- Author: Kathy Keatley Garvey
It's a tough world out there for pollinators.
Take it from UC San Diego bee scientist James Nieh, who will be on the UC Davis campus next week to speak on "Animal Information Warfare: How Sophisticated Communications May Arise from the Race to Find an Advantage in a Deadly Game Between Honey Bees and Their Predators."
His seminar, part of the fall quarter seminar series hosted by the UC Davis Department of Entomology and Nematology, will take place at 4:10 p.m., Wednesday, Sept. 25 in 122 Briggs Hall, Kleiber Hall Drive. Fellow bee scientist Brian Johnson, associate professor of entomology, is the host.
"In addition to the classical arm race that has evolved between predators and prey, information races also occur, which can lead to the evolution of sophisticated animal communication," says Nieh, a professor in the Section of Ecology, Behavior and Evolution, Division of Biological Sciences. "Such information can shape the food web and contribute to the evolution of remarkable communication strategies, including eavesdropping, referential signaling and communication within and between species, including between predators and prey."
"I focus on the world of information exchange (acoustic, olfactory and visual) that has co-evolved between Asian honey bees (Apis cerana, A. florea, and A. dorsata) and their predators, the Asian hornets (Vespa velutina and V. mandarinia)," Nieh says in his abstract. "I will explore how and why such information races occur through the remarkable examples provided by these high social insects."
He presented a TED talk on "Bees and Us: an Ancient and Future Symbiosis" in July 2019.
A native of Taiwan, Nieh grew up in Southern California and received his bachelor's degree in organismic and evolutionary biology in 1991 from Harvard University, Cambridge, and his doctorate in neurobiology and behavior from Cornell University, Ithaca, N.Y., in 1997. He subsequently received a NSF-NATO postdoctoral fellowship to study at the University of Würzburg in Germany. A Harvard junior fellowship followed.
Nieh joined the faculty of the Section of Ecology, Behavior and Evolution in 1997 as an assistant professor, advancing to associate professor in 2007 and professor in 2009. He served as vice chair of the section from 2009 to 2014, and as chair from 2014 to 2017.
His latest co-authored research, published in the journal Chemosphere in 2019, is titled Combined Nutritional Stress and a New Systemic Pesticide (flupyradifurone, Sivanto®) Reduce Bee Survival, Food Consumption, Flight Success, and Thermoregulation.
Assistant professor Rachel Vannette is coordinating the fall quarter seminars. Nieh's seminar is the first of the fall quarter. (See list of seminars.) Vannette may be reached at email@example.com.
- Author: Kathy Keatley Garvey
That's when eminent honey bee scientist Gene E. Robinson of the University of Illinois at Urbana-Champaign will speak on “Me to We: Using Honey Bees to Find the Genetic Roots of Social Life” in Jackson Hall, Mondavi Center for the Performing Arts, UC Davis campus.
His presentation, part of the Chancellor's Colloquium Distinguished Speakers Series, is from 4 to 6:30 p.m. Registration is underway on the Chancellor's Colloquium series website. The event is free and open to all interested persons but registration is required. (See Colloquium series website to register.)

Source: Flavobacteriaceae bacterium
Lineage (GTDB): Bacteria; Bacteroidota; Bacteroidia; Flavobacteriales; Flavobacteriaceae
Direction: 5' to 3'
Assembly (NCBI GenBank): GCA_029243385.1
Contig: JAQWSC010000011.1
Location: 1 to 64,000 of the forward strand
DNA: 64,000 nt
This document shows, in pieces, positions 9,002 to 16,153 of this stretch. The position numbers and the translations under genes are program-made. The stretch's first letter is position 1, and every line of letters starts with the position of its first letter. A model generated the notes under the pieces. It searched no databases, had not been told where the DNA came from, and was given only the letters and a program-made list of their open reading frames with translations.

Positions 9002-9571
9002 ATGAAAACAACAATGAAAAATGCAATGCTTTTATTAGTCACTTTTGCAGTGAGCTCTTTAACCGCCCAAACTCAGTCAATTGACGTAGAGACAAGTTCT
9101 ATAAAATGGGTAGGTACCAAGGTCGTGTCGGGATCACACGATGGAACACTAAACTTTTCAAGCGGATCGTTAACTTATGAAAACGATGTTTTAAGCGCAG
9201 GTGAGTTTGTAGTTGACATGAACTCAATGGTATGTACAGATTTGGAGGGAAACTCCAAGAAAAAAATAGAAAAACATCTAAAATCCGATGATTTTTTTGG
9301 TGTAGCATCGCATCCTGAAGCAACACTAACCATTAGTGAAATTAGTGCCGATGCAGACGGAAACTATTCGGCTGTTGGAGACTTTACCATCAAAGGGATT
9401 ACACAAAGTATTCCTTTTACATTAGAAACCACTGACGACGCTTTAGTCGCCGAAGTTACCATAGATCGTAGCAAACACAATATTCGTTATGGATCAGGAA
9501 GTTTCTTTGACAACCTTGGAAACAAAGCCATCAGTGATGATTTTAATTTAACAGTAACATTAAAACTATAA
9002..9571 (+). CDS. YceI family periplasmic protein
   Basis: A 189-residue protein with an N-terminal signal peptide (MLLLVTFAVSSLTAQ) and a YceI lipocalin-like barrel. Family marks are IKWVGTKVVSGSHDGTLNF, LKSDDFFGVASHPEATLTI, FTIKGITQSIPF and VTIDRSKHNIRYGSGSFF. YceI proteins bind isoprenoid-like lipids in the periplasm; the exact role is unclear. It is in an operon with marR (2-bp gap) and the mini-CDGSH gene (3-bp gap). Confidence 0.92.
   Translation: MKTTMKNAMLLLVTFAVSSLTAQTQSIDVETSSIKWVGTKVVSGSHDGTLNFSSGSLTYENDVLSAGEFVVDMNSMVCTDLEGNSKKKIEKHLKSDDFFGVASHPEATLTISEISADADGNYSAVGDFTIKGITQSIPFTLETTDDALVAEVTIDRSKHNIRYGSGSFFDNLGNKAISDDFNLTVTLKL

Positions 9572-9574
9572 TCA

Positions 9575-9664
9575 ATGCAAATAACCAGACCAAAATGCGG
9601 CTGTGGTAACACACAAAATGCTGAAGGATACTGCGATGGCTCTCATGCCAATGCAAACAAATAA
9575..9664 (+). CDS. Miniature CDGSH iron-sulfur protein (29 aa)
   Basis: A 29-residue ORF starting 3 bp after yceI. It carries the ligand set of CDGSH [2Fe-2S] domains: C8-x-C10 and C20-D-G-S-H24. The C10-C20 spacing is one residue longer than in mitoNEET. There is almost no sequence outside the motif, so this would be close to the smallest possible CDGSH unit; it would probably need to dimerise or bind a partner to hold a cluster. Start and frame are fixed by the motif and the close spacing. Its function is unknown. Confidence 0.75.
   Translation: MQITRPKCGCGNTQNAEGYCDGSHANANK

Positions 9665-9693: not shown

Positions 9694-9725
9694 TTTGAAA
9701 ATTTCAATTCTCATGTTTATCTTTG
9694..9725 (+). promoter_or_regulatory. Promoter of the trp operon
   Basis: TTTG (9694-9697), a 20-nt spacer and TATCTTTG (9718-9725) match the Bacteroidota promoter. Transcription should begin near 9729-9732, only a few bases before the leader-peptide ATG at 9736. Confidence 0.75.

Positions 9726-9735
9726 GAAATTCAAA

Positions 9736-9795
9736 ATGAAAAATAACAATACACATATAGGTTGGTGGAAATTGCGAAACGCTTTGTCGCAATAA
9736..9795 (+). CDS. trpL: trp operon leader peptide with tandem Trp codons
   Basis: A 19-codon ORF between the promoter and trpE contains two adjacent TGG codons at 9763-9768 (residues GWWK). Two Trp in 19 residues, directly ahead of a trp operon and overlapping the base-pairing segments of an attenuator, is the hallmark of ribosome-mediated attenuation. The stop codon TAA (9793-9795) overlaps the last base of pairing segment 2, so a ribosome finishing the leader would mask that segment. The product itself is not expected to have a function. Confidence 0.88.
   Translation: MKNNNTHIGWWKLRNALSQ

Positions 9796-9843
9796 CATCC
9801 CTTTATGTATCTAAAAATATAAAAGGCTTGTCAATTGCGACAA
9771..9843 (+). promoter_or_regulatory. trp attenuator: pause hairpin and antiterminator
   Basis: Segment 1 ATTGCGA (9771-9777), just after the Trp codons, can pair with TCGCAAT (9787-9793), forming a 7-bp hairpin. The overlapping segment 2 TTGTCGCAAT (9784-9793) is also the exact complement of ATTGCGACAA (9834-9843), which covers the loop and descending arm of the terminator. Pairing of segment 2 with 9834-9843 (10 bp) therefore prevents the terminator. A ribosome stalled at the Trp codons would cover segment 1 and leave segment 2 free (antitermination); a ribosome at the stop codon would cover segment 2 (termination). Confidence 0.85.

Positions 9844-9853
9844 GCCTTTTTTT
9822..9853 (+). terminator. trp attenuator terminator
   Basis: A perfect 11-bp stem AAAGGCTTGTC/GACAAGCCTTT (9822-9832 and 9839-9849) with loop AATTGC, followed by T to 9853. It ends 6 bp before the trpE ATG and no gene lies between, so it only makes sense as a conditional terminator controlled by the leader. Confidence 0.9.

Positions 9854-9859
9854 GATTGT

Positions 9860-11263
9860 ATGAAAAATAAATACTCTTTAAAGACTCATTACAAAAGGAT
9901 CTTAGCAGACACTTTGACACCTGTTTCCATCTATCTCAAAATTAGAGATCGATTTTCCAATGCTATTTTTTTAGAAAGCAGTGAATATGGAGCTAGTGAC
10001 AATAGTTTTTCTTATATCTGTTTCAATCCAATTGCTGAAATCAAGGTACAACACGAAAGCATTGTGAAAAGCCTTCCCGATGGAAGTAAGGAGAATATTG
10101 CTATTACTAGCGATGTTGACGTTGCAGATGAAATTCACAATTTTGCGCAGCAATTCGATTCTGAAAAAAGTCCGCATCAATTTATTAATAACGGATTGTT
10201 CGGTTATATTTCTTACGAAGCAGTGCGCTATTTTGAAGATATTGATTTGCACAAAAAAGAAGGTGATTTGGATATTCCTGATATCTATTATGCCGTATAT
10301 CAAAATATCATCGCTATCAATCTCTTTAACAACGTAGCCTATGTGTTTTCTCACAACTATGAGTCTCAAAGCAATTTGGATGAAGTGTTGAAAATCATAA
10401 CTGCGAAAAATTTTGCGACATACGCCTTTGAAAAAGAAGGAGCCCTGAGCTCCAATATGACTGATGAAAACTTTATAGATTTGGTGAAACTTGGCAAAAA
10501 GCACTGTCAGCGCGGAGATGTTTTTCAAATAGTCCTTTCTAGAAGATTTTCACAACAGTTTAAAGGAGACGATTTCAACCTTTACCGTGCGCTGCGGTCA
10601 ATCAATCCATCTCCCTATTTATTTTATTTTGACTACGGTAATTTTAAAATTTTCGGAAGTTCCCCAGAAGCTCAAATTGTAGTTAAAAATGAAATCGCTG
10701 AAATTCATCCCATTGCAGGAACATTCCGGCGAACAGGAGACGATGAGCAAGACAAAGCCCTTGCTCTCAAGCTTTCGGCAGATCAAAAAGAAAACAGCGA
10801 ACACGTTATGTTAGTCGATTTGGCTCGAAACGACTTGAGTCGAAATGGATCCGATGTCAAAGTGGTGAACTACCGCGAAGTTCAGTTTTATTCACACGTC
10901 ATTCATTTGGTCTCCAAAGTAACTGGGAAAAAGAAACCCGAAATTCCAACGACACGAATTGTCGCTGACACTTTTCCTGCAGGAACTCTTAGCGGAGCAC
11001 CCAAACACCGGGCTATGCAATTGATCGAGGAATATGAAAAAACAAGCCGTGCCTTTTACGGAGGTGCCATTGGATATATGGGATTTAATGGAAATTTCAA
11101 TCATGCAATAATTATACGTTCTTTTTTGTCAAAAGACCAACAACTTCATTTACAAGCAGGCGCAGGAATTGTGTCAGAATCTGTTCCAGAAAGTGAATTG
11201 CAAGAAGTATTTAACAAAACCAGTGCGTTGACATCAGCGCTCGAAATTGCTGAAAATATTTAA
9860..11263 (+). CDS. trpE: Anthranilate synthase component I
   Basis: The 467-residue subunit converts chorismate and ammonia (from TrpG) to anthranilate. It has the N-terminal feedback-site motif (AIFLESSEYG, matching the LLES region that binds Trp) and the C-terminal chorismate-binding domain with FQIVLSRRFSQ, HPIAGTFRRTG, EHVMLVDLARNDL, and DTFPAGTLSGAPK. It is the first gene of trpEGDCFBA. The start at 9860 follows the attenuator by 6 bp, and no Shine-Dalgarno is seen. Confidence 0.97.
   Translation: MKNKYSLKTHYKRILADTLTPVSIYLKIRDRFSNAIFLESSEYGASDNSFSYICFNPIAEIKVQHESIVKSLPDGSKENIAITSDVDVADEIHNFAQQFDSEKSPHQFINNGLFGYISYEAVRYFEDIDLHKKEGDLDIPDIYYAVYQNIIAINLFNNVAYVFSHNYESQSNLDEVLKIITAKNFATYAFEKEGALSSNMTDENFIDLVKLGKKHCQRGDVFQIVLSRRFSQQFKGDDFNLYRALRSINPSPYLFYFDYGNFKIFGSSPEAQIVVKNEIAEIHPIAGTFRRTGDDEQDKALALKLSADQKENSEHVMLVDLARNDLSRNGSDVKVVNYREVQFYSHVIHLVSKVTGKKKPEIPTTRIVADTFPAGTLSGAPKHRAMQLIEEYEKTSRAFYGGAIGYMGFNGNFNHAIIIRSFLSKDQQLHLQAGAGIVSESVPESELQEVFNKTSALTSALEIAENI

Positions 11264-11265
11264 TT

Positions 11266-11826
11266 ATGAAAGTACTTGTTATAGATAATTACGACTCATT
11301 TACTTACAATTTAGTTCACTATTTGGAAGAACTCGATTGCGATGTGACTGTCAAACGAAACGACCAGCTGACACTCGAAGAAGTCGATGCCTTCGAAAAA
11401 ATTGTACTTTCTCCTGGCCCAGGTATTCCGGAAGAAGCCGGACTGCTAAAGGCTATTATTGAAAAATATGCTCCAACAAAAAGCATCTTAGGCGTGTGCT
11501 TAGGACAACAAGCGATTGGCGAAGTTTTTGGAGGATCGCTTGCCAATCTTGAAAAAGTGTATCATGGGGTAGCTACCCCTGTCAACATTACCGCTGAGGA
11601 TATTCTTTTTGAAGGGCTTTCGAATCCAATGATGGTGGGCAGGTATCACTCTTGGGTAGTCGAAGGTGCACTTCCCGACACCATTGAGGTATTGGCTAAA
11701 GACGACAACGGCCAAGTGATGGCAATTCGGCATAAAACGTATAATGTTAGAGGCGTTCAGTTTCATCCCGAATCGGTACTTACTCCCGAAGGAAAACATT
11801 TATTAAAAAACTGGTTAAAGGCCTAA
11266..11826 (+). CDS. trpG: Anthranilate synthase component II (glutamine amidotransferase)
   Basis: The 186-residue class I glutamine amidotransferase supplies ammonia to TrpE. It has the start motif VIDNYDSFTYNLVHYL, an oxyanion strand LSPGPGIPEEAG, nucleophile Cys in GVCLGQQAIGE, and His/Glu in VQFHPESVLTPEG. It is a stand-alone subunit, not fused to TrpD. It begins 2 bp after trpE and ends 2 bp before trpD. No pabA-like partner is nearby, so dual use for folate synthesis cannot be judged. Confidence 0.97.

Robinson pioneered the application of genomics to the study of social behavior and led the effort to sequence the honey bee genome.
Many of us have heard him speak, and many more have read his work. You may have heard him present a Tedx Talk, or read his piece on "The Behavior of Genes" (New York Times). Science writer Nick Zagorski profiled him in the Proceedings for the National Academy of Sciences (PNAS).
Robinson needs no introduction; his work is legendary. He is the University Swanlund chair and directs the Institute for Genomic Biology (IGB) and the Bee Research Facility. He received his doctorate in entomology from Cornell University in 1986 and joined the faculty of the University of Illinois at Urbana-Champaign in 1989.
He served as interim director of IGB, 2011-2012; director of the Neuroscience Program, 2001-2011; and leader of the Neural and Behavioral Plasticity Theme at the IGB, 2004-2011.
Robinson has authored or co-authored more than 275 publications, including 26 published in Science or Nature. He has been the recipient or co-recipient of more than $50 million in funding from the National Science Foundation, National Institutes of Health, U.S. Department of Agriculture and private foundations; pioneered the application of genomics to the study of social behavior; led the effort to gain approval from the National Institutes of Health for sequencing the honey bee genome; and founded the Honey Bee Genome Sequencing Consortium.
In addition, Robinson serves on the National Institute of Mental Health Advisory Council and has past and current appointments on scientific advisory boards for companies with significant interests in genomics.
His honors include University Scholar and member of the Center of Advanced Study at the University of Illinois; Burroughs Wellcome Innovation Award in Functional Genomics; Founders' Memorial Award from the Entomological Society of America; Fulbright Senior Research Fellowship; Guggenheim Fellowship; NIH Pioneer Award; Honorary Doctorate from Hebrew University; Fellow, Animal Behavior Society; Fellow, Entomological Society of America; Fellow, American Academy of Arts and Sciences; and member of the U.S. National Academy of Sciences.
A native of Buffalo, N.Y., Robinson received his doctorate in entomology from Cornell University, Ithaca, N.Y., in 1986. What prompted him to study entomology? You'll need to read Nick Zagorski profile of him in the Proceedings for the National Academy of Sciences (PNAS).